The PyeongChang Olympics are likely to be remembered for the joint Korean team, wind delays, and robots. Yes, robots. South Korea is taking advantage of the international spotlight to show off its leadership in robotics, with eleven different types of robots – eighty five, in all – in action at the Olympics. And that’s not counting the swarm of drones featured in the Opening Ceremonies.
A humanoid robot known as HUBO made history by being the first robot to carry the Olympic torch. The former winner of the DARPA Robotics Challenge drove a car, while its inventor, professor Oh Jun-ho of Korea Advanced Institute of Science and Technology (KAIST), held the torch in the passenger seat. HUBO then got out, walked several steps with the torch, cut a hole in a wall, and handed the torch through the hole back to Oh. He then passed the torch to someone sitting atop a robotic walker.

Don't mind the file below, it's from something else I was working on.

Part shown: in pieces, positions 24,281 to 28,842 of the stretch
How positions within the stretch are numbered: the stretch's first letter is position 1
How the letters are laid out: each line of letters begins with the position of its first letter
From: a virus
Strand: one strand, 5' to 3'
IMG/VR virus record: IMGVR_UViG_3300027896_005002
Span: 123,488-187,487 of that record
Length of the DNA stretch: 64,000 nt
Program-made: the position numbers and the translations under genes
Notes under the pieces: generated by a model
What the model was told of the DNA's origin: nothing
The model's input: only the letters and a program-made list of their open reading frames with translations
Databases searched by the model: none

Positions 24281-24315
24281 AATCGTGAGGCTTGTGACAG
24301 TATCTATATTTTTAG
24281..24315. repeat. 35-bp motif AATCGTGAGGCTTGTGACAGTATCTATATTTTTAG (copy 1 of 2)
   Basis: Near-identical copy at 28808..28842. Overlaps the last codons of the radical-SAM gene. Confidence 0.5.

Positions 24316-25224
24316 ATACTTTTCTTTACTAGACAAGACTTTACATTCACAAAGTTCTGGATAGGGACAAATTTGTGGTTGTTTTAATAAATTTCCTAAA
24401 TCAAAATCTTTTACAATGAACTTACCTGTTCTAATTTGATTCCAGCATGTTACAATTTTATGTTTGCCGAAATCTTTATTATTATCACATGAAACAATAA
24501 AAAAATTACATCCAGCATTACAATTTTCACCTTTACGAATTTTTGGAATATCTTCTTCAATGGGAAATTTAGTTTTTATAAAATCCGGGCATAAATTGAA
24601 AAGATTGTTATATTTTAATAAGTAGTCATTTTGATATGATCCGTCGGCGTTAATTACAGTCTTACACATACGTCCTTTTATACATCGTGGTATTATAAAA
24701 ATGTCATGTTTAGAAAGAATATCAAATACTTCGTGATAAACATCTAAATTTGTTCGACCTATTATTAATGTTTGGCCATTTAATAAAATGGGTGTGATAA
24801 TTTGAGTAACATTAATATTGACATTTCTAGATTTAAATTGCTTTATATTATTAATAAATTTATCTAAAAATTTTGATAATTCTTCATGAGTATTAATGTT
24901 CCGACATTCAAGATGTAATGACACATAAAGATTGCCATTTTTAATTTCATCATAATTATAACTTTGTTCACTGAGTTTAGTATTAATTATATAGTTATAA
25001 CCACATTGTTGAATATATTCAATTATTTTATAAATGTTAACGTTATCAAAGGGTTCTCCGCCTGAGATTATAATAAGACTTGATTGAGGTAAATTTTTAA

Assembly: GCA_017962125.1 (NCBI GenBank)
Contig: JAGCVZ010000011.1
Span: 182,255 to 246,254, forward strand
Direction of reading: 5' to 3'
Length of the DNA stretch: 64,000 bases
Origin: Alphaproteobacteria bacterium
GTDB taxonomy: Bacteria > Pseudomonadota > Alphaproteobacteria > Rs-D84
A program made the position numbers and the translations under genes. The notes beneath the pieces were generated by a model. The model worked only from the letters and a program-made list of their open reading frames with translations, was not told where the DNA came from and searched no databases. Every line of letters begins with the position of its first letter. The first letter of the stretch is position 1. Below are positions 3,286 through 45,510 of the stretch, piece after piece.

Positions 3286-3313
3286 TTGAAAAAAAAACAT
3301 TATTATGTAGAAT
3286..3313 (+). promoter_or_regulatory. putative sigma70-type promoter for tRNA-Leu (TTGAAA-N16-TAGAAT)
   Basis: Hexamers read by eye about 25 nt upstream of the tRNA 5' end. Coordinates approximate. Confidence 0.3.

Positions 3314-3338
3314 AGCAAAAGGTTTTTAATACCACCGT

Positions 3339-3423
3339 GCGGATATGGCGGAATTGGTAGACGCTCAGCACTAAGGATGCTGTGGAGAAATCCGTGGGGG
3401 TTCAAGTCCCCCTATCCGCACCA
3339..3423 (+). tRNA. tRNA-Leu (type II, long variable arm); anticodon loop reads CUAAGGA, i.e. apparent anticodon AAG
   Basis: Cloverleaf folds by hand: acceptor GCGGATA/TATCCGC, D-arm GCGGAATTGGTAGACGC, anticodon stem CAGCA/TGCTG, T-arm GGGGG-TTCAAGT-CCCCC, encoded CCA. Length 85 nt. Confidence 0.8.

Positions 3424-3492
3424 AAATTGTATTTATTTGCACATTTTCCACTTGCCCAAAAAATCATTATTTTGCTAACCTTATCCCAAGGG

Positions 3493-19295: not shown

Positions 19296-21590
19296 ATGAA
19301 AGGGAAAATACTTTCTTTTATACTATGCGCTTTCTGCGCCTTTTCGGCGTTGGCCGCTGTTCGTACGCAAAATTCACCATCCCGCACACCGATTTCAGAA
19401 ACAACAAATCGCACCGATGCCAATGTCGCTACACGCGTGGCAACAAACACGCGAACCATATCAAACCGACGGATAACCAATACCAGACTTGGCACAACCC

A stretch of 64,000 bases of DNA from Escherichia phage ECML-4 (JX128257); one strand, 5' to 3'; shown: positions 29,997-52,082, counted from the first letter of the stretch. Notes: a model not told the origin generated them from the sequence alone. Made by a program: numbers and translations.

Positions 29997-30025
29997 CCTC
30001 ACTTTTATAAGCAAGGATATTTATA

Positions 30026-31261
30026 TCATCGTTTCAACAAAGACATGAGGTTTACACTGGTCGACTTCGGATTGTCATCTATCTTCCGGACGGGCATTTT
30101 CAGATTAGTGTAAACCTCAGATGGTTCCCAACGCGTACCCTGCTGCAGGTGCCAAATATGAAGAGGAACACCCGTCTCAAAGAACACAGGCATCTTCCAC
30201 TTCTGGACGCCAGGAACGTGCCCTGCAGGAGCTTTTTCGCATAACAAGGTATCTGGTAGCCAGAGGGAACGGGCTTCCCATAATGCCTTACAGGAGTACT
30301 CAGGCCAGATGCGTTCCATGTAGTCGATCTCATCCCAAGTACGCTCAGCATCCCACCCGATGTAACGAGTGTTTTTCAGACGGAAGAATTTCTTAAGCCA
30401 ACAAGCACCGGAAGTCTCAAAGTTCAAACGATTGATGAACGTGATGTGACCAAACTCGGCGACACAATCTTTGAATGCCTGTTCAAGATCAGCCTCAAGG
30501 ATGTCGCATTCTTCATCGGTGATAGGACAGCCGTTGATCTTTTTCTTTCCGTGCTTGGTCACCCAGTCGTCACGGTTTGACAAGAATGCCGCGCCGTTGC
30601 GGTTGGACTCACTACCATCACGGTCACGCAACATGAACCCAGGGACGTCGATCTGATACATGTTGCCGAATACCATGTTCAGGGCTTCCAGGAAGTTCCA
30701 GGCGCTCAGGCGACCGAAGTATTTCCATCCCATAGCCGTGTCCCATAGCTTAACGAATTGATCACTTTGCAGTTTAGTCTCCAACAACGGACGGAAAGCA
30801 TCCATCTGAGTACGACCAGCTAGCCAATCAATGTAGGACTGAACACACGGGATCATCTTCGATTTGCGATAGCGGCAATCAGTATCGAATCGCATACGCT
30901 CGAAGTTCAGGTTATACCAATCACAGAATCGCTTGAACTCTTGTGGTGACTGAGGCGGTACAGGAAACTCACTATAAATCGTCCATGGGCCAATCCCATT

Oh is overseeing all the robots at the Games. There are floor-cleaning robots that resemble Star Wars’ BB-8, translator robots modeled after the white tiger mascot of the games, artist robots that render murals based on recent Olympic highlights, and ponds of robotic koi fish for pure entertainment value.
Robots even competed in their own pseudo-Olympic event – a downhill skiing contest. Eight Korean teams put their robots to the test, skiing a short slalom course without the human direction.
Emily Matchar has written about the Olympic robots for Smithsonian Magazine, and she says it’s definitely a “friendly face of robotics” that Olympic athletes and spectators are seeing. Korean robotics companies are hoping that will translate into increased interest in purchasing their products.